Global officials call meeting to consider monkeypox public health emergency; FL cases on the rise

Emergency Committee Chair Dr. Jean-Marie Okwo-Bele at the first meeting of the International Health Regulations (2005) Emergency Committee regarding the multi-country monkeypox outbreak, held at WHO Headquarters in Geneva, Switzerland. Credit: World Health Organization.

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Global health authorities on Thursday announced a second meeting to assess whether the monkeypox disease “constitutes a public health emergency of international concern,” according to the World Health Organization, and Florida continues to see rising monkeypox cases.

The rare disease endemic in several Central and West African countries has expanded to a total of 139 cases across 12 counties in Florida, with most infections in Broward (90) and Miami-Dade (22) counties, according to state health data. In Florida, the state health department previously reported 105 cases of monkeypox in 10 counties.

On the global scale, the World Health Organization had reported in July two new deaths due to monkeypox since its last update, totaling three deaths from the virus from January 1 to July 4, 2022, according to a WHO report. The group held a meeting June 23 on the public health emergency issue and did not declare an emergency. Now, with cases and deaths rising and various health advocates concerned, WHO has set a second meeting on July 21.

Both the WHO and the federal Centers for Disease Control and Prevention (CDC) are monitoring the 2022 monkeypox outbreak.

Oftentimes causing a characteristic rash and other symptoms, the monkeypox virus continues to circulate across the nation and worldwide.

If the agency does declare a public health emergency for monkeypox, health officials “will propose temporary recommendations on how to better prevent and reduce the spread of the disease and manage the global health response,” according to a press release from WHO.

However, the World Health Network, a worldwide coalition of scientists and advocates, has already declared the monkeypox virus a pandemic.

According to WHN, the group “declares the monkeypox outbreak a Public Health Emergency of Global Concern, by which it indicates that this outbreak is not limited to a single country or region and should be addressed by immediate actions taken wherever community transmission is taking place in order to ensure that the least effort is needed and the smallest impact is suffered due to this outbreak.”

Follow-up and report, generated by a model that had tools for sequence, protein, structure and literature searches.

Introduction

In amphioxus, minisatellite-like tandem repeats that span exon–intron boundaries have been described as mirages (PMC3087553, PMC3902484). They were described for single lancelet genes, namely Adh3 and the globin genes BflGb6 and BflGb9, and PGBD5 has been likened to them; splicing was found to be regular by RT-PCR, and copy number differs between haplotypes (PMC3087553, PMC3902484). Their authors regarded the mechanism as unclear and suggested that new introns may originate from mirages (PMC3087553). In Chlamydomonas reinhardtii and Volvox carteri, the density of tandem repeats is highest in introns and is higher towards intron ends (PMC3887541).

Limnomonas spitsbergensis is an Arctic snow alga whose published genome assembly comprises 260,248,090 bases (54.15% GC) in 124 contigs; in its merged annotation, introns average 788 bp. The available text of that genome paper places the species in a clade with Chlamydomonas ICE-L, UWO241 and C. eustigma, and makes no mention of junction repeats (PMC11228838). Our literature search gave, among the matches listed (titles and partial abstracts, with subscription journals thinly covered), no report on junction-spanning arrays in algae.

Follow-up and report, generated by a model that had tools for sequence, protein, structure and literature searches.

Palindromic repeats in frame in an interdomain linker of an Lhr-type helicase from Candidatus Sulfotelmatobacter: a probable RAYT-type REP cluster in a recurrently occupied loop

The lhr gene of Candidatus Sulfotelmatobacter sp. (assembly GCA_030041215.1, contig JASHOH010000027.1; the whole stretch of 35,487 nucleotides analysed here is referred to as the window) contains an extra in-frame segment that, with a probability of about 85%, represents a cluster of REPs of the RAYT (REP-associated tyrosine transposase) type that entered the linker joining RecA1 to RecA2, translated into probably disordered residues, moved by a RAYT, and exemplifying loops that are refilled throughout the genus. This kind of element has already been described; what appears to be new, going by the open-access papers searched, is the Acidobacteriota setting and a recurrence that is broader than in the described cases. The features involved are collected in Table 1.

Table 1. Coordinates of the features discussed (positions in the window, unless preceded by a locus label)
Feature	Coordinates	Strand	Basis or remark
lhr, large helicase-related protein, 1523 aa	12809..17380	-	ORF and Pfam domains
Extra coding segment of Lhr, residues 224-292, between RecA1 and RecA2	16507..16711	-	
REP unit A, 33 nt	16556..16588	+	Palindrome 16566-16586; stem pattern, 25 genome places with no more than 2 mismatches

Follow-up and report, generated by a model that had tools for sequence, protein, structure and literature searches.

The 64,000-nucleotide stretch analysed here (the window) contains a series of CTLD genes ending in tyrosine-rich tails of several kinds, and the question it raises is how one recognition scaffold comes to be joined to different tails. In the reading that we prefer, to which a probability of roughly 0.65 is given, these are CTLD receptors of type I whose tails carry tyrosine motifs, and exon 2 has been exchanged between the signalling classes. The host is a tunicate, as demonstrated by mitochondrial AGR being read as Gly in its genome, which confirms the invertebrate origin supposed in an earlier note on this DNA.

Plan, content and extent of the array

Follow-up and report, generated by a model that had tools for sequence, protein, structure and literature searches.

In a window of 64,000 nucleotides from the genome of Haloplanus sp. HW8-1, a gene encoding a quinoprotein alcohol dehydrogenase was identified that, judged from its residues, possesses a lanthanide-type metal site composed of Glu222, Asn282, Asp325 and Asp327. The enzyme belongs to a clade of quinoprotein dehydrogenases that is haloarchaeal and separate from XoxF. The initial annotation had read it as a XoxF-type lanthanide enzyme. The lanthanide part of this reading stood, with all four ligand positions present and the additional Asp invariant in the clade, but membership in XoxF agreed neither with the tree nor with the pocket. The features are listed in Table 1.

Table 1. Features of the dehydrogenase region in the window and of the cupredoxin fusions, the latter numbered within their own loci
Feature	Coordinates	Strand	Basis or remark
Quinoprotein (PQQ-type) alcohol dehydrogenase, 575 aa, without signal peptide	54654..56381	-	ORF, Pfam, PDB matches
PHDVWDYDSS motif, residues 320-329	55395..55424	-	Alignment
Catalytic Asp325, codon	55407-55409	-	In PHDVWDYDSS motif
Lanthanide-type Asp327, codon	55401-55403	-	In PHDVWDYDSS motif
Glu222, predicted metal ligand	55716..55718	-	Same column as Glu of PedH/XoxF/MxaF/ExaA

In addition, the AIDS Healthcare Foundation has urged “the World Health Organization not to repeat the past mistake of delaying declarations for COVID-19 and immediately declare the monkeypox outbreak a public health emergency of international concern (PHEIC),” according to a report from Business Wire.

Nationwide, California has seen the most monkeypox cases (161), followed by New York (159) and Illinois (152), according to the latest data from the CDC. There have been 11,068 cases in 65 countries, the CDC reported, as of Thursday afternoon. The number of Florida’s CDC cases is lower than the cases posted by the Florida Department of Health.

WHO has its own data on cases and those may be different from the CDC data.

Meanwhile, the Biden Administration had announced a strategy to combat monkeypox that includes expanding testing capacity using commercial laboratories, as well as other health measures.

On Thursday, the CDC announced that Aegis Sciences began monkeypox testing using the CDC’s orthopoxvirus test at its laboratories in Nashville, Tennessee, according to a CDC press release.

Aegis can accept specimens from any location in the country and expects to perform up to 10,000 tests per week, the CDC noted. Other major commercial laboratories currently performing monkeypox testing include Labcorp, Mayo Clinic Laboratories, and Quest Diagnostics.

CDC officials advise that anyone with a rash that looks like monkeypox should consult with their health care provider about whether to get tested for the disease.

Early data suggest that “gay, bisexual, and other men who have sex with men make up a high number of cases,” CDC said on its website. However, anyone can become infected with monkeypox if they have been in close contact with someone who has the virus.

“The ability of commercial laboratories to test for monkeypox is an important pillar in our comprehensive strategy to combat this disease,” CDC Director Rochelle Walensky said in a written statement Thursday.  “This will not only increase testing capacity but also make it more convenient for providers and patients to access tests by using existing provider-to-laboratory networks.”

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